Combine the lye and water by adding the lye to the water, never the other way around. To remember this, use the saying “snow floats on the lake”. This will release a lot of fumes, and the lye water will become very hot. Stir until the lye flakes dissolve, and put the cup aside someone to cool. Choose a place where it will not be disturbed. This is very important, as if the cup spills it will ruin. your kitchen surfaces, burn skin very badly, and can cause blindness. It can be fatal if someone accidentally drinks it.

While the lye water is cooling, measure out the oils. It is best practice to measure them out in separate containers and then combine them in a pot. Put one teaspoon of lemon zest in the pot with the oils. Melt them over medium low heat until fully melted and 130 degrees in temperature. Set the pot aside somewhere to cool.

Step Three: Cool, blend, and pour

grid of 4 images: stick blend in soap batter, stirring lemon zest in by hand, soap batter in mold, unfolded soap being sliced

About an hour later, check the temperature of the lye water and the oils. You want them to be anywhere from 90 to 110 degrees before blending. It is best if they are very close together in temperature. If all is well, it’s time to start blending. If not, let them cool more or heat up the oil just a tad more if it has cooled too quickly.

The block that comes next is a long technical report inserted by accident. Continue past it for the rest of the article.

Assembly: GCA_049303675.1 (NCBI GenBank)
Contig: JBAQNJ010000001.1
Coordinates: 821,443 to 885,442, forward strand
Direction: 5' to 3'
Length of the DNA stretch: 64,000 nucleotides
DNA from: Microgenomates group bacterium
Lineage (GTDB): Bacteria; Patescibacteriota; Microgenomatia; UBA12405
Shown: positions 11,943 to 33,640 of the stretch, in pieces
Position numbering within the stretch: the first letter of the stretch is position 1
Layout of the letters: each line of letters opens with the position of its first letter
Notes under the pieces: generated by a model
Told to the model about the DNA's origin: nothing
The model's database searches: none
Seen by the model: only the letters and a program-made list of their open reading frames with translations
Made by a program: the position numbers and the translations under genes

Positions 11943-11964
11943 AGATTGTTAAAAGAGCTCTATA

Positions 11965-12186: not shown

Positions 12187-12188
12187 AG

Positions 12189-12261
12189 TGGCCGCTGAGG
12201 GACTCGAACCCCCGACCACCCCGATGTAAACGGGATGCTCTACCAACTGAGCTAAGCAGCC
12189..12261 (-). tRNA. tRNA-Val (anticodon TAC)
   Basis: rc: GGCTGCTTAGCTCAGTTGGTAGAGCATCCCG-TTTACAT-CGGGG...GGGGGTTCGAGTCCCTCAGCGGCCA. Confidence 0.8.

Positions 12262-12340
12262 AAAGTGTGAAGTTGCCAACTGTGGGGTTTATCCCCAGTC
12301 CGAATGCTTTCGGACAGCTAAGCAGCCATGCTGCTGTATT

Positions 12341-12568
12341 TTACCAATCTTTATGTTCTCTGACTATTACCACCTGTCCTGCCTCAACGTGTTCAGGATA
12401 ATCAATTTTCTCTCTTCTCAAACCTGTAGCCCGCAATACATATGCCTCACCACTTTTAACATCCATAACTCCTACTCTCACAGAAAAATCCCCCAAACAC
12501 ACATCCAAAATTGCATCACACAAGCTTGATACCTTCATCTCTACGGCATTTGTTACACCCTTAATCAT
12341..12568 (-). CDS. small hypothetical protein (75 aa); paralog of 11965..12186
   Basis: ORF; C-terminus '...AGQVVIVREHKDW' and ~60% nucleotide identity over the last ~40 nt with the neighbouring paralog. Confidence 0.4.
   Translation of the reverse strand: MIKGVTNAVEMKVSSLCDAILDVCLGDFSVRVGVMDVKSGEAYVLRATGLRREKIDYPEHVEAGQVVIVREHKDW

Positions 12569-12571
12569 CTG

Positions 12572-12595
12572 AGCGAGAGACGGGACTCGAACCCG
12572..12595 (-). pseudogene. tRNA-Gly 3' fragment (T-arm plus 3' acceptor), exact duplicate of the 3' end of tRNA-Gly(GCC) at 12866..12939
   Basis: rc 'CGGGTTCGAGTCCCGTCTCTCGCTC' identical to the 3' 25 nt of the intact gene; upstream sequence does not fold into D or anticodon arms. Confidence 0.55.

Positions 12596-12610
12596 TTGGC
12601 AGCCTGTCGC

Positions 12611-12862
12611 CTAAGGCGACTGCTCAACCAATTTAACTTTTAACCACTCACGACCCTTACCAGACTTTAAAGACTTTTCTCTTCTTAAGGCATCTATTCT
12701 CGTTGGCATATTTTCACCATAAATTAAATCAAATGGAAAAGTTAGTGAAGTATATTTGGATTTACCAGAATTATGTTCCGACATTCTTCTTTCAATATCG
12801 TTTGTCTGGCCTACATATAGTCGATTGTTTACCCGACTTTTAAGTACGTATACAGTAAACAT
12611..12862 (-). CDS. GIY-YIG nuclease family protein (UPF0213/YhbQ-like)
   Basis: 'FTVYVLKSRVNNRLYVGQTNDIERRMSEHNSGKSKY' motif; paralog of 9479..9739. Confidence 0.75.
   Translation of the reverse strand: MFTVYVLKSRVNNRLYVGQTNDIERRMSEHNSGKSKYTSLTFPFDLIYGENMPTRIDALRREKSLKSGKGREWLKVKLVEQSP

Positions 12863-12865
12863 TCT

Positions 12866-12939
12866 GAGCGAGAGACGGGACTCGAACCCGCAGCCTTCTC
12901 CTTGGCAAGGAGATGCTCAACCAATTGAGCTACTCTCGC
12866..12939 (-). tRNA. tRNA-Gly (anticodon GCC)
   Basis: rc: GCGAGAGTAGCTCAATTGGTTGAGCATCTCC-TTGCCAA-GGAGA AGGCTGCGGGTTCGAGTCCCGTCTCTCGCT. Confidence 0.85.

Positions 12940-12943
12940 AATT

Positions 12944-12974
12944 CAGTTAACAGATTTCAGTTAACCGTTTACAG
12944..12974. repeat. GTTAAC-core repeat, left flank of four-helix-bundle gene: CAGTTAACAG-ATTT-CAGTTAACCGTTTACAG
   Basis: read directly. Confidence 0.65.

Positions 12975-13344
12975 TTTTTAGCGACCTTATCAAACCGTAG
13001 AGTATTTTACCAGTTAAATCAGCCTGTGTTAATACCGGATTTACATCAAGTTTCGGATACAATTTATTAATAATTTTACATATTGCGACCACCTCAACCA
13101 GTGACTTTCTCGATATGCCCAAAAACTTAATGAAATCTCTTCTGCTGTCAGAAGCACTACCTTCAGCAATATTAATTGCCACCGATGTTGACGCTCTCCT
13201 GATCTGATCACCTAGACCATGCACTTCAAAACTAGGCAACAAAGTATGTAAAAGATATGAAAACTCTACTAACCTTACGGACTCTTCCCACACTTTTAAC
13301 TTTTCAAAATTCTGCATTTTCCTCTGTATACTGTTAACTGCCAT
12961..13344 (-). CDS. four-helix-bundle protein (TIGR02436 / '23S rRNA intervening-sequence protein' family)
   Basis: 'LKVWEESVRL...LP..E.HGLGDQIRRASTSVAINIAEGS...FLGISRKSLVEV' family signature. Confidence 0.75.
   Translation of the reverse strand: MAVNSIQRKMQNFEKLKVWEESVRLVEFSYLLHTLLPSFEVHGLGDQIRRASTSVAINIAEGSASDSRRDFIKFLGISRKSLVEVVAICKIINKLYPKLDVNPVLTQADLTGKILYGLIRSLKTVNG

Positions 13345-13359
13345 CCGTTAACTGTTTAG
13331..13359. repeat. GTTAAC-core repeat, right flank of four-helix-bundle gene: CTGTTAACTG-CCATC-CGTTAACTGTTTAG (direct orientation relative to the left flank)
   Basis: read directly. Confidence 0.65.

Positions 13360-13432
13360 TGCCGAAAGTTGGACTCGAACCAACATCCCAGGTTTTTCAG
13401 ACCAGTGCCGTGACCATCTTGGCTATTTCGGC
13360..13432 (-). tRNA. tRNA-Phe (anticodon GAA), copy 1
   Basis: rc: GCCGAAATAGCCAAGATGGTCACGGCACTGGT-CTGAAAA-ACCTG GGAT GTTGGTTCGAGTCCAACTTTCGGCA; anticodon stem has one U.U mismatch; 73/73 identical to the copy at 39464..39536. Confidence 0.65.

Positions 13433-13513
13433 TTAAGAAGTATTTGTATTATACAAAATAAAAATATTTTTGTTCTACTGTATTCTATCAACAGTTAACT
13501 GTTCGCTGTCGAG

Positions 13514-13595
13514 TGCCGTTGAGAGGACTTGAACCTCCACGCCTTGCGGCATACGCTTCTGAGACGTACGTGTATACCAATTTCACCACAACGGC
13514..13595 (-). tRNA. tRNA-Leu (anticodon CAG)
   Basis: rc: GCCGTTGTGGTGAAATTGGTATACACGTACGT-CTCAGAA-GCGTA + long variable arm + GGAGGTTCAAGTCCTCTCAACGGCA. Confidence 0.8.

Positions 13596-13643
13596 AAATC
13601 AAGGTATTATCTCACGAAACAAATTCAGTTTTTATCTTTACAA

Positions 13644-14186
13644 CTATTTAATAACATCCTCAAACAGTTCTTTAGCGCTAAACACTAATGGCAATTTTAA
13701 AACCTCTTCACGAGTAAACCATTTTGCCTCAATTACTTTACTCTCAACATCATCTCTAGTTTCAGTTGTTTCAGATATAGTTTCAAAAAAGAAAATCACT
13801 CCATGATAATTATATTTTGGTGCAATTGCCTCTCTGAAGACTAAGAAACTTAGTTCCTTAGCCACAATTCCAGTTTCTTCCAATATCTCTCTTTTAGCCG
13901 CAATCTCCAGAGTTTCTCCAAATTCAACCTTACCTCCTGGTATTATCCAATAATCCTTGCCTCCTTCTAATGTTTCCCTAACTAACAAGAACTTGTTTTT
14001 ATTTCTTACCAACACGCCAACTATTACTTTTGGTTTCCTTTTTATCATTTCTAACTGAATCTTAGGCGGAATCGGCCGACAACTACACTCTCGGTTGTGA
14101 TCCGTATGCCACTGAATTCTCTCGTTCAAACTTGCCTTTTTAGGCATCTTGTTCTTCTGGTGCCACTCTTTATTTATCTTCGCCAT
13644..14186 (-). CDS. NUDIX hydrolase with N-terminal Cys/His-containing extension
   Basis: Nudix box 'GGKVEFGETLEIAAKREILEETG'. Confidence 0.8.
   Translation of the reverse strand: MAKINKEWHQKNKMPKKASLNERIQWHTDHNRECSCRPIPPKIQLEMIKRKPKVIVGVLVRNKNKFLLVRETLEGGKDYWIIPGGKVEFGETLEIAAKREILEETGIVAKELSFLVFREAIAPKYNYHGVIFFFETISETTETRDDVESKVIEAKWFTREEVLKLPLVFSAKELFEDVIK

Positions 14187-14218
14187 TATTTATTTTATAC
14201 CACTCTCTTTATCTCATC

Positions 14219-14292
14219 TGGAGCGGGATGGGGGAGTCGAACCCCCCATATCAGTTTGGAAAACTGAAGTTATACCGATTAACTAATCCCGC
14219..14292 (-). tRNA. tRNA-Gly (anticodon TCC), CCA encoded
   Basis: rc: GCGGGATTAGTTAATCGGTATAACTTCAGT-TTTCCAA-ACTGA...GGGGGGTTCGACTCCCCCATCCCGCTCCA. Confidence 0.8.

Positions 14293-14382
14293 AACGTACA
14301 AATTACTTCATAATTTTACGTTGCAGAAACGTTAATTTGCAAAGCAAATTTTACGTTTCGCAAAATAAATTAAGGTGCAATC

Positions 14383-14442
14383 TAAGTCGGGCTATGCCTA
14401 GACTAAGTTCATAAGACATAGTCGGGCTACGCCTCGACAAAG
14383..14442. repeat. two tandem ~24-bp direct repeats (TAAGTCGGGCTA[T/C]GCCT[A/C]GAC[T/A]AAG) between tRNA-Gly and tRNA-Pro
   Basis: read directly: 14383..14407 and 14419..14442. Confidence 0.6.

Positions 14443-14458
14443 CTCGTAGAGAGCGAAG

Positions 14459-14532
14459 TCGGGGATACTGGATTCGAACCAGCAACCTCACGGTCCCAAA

The lemon zest is added in stages: first to the oils. This zest mostly gets blended into the soap and adds beautiful yellow color. The rest gets stirred in by hand to give the speckled, lemony look to the bar.

Before blending, make sure you have your goggles on to protect your eyes. Pour the lye water into the pot of melted oils and begin to blend with the stick blender. Blend with the motor on for a few minutes, then turn it off and stir by hand for a minute to avoid burning it out. You will see the lemon zest become pulverized and the oils may become more yellow in color.

Keep stick blending until the soap batter reaches trace. This occurs when the solution thickens and no longer acts as a pure liquid. If you pick up your stick blender, you will see a trail or “trace” of soap batter resting on the surface rather than sinking immediately down into it.